A CANCER-BATTLING youngster whose story inspired thousands of people to raise more than £260,000 to fund innovative treatment will continue the next chapter of his road to remission - in New York.
Oliver Stephenson, four, was diagnosed with high-risk neuroblastoma in January and, although the cancer spread from his kidney to his bone marrow, skull and eye sockets, the youngster’s plight inspired well-wishers to raise the cash required for further treatment.
The innovative ‘bivalent’ vaccine, which will cost about £230,000 and come after Oliver’s UK treatment has run its course, has been proven to give kids a much higher survival rate and decrease the chances of cancer returning in following years and it’s this that his family want to pursue in the USA.
Having endured bouts of chemotherapy, Oliver’s radiotherapy has ended and he’ll have one block of immunotherapy before he jets to the USA at the end of the year.
His mum Laura, of Stairfoot, said: “Oliver has sailed through this block of treatment - he has managed to complete it without the need for any transfusions or no infections.
“He is still going strong and doing amazing. We now just have one block of treatment left, immunotherapy, but this is quite a long one so will take us to the end of the year and then we will be off to New York thanks to everyone who has donated.
“In January it felt like our life was torn apart, screwed up and thrown away but we are now slowly slowly rebuilding our lives and have accepted that things will never be the same.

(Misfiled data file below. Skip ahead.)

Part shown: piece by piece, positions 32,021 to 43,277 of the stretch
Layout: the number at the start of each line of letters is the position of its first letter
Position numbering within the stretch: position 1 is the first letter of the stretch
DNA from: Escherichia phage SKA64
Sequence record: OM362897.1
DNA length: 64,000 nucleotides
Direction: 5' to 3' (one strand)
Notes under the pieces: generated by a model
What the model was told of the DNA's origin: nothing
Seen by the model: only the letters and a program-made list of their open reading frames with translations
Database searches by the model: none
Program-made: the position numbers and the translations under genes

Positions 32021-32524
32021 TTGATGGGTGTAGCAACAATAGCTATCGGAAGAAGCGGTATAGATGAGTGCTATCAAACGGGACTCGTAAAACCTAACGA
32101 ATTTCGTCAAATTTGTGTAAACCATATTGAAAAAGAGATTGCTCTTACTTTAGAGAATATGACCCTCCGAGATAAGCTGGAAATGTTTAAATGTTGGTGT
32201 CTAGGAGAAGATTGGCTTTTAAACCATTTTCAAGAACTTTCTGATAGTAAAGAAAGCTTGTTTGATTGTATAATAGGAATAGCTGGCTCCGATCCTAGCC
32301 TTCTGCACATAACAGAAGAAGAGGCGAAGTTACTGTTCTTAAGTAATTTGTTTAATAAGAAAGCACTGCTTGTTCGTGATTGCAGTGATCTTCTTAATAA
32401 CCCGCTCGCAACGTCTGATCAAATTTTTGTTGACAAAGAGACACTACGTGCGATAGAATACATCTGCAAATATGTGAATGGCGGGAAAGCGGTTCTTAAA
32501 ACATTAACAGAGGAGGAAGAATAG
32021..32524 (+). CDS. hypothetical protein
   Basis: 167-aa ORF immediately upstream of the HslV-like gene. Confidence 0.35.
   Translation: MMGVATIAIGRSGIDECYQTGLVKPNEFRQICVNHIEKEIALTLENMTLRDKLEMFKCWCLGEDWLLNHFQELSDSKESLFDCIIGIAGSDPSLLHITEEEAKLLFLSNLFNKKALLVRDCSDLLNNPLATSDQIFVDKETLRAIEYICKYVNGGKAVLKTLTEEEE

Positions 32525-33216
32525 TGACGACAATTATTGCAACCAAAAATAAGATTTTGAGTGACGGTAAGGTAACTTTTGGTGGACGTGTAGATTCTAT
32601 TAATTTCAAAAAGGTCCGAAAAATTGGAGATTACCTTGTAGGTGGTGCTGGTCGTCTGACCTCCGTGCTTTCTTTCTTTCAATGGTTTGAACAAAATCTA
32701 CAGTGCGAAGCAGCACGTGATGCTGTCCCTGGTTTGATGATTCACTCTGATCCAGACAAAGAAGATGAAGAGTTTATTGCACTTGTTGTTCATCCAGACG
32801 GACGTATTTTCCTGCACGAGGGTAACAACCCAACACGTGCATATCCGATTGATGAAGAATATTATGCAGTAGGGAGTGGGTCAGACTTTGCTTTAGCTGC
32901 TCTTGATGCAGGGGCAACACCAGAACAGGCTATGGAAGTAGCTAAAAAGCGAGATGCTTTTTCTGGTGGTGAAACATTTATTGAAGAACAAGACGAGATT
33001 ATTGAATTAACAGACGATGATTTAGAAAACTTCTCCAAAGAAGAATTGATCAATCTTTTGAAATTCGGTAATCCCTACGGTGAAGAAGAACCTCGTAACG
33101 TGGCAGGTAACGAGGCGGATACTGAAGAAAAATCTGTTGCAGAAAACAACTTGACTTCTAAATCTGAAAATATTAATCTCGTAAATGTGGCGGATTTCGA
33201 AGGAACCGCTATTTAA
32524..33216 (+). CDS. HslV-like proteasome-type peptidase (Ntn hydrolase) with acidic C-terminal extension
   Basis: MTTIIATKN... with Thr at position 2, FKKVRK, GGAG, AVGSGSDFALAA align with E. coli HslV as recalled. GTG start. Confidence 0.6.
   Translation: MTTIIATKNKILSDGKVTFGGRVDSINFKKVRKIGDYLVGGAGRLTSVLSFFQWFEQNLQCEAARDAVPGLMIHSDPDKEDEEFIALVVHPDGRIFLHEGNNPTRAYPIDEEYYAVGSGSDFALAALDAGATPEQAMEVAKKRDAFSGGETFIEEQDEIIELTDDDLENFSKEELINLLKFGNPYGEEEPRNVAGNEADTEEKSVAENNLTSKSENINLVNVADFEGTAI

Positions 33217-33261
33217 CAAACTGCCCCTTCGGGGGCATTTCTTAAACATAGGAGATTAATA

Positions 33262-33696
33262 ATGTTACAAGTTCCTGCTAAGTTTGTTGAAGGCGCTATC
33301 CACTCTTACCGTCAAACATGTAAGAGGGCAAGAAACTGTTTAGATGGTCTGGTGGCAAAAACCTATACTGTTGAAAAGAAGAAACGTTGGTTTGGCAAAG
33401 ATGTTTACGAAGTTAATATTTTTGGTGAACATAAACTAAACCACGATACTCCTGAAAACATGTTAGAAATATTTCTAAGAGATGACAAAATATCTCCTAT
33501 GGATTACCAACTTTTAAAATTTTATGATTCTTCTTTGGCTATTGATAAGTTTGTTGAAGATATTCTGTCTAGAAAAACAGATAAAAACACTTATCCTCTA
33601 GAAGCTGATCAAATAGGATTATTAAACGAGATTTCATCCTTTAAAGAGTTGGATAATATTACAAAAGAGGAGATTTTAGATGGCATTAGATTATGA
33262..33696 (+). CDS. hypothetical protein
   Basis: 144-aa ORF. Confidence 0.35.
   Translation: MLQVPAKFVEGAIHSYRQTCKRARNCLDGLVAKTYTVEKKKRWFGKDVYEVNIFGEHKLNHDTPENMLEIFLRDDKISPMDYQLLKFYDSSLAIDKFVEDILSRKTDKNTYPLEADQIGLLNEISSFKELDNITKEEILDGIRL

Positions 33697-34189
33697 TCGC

“Hospital appointments will forever be a part of our world and we will constantly live in fear of relapse but we are slowly learning to live with that fear by pushing it to the back of our mind, living for each day and seeing how happy our two boys are.”
Oliver’s illness showed on Boxing Day last year when he was pale and had darkened eyes, but given the busy time of year it was assumed that it was just down to tiredness due to the busy Christmas period.
However, further blood tests came back as abnormal and subsequent scans revealed a 3cm tumour on his kidney which has reduced in size since the treatment began before doctors uncovered that the cancer had spread.
“We wish we could personally thank the 6,000 people who have donated and helped us reach that target, or the 11,000-plus people who have followed our journey to this point and have shared our story but that simply isn’t possible as they will never know our gratitude,” Laura added.
“Oliver is a very much-loved little boy and he will handle this the same as he has everything else - like a super hero.”
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Young Oliver’s treatment to continue in USA
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